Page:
Interview with Cameron Davidson
from the March 16, 2014 issue of FuseVisual Online
Cameron Davidson: First off, thank you for agreeing to be a part of FuseVisual. In your Luminous-Landscape article “Seeing in Color” you mentioned the photographers who were shooting compelling color images: Hiro, Art Kane, Ernst Haas, Pete Turner and Jay Maisel. Was your early work influenced by them or were you already shooting and defining your imagery with color?
Eric Meola: Influences are a “work-in-progress”. I am always beating myself up, always hungry to see great visual art. I doubt there is a single photographer of my generation who has not been influenced by Ernst Haas. But my personal influences range from peers like Arthur Meyerson, Stephen Wilkes, George Steinmetz and Steve McCurry, to photographers as diverse as the Civil Rights photographer Ernest C. Withers, and landscape revisionists like Edward Burtynsky. I’m also influenced by modern art–Josef Albers, Jules Olitski, Kenneth Noland, Kandinsky, Miro, Mark Rothko, O’Keeffe, Pollock. And yes, photographers as diverse as Pete Turner, Jay Maisel, Hiro, Irving Penn, and Robert Frank. Photography is one of the most fluid forms of expression, and the concept that it is about realism was long ago put to rest by photographers such as Aaron Siskind. So I’m not sure at what point these influences affected my work, but certainly they became part of it ,and certainly they continue to be part of it. To me, that’s an exciting thing–to influence others, and to be part of an evolving sensibility of photography as art, and that this is a community of visual artists influenced by the changes evolving within a genre.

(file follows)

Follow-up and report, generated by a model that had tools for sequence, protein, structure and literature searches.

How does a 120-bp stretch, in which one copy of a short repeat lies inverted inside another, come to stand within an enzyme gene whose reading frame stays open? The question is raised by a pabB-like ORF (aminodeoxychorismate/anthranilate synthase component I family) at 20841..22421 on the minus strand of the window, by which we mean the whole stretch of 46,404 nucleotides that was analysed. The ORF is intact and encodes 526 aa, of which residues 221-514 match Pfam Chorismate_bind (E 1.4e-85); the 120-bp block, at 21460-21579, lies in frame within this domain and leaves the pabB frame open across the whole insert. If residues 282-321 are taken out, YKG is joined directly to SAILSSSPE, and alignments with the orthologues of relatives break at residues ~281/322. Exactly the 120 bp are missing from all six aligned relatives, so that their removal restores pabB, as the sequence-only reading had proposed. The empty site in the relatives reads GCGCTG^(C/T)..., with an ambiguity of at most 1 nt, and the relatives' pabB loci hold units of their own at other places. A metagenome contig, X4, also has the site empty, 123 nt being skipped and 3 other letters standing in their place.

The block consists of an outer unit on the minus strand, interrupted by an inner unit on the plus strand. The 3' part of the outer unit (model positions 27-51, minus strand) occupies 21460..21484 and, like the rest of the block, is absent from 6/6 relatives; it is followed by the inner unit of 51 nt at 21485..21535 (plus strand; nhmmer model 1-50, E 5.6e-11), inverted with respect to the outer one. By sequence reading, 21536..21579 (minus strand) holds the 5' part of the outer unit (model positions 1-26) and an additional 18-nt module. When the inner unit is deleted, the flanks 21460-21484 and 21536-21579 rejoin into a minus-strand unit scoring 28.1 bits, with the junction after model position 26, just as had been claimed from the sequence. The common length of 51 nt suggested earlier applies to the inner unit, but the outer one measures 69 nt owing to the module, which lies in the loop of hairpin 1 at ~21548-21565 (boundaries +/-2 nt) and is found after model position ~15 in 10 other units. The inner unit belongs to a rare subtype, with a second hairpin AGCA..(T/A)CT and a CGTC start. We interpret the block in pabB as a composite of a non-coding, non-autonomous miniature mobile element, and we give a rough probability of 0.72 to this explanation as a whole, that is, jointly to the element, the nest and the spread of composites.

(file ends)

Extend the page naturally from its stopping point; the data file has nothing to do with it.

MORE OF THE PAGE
CD: Two of your images were a strong influence on my work: Coca Boy and Promised Land. I never realized it at the time but as the years have gone by I understand how they inspired me to shoot graphically and with intense color. What was your connection to the intense colors and graphic approach? Where did it come from?
Eric Meola: I grew up in Syracuse, New York–one of the snowiest, most grey cities in the NorthEast. When I first became interested in photography, the explosion of color in the works of modernists such as Pete Turner was something I gravitated to, and something which I’ve tried to put my own stamp on. Photographers shoot in color, but their subjects are seldom about color. As my work has evolved, my subject has become color itself–a celebration of color in all its permutations, both abstract and real. I’ve simply grown tired of the sensibility that dictates that photographs need to be real, that they need to be in a documentary style, that they have to have some preconceived notion of content. I simply love color, and Mark Rothko’s color fields speak to me as much as Gene Smith’s “Pittsburgh.”
CD: Your new work does not rely on vanishing perspectives as much as form and color. Tell me about the Tornado Alley, Yellowstone, and Atacama projects? Have these projects changed how you approach color and form?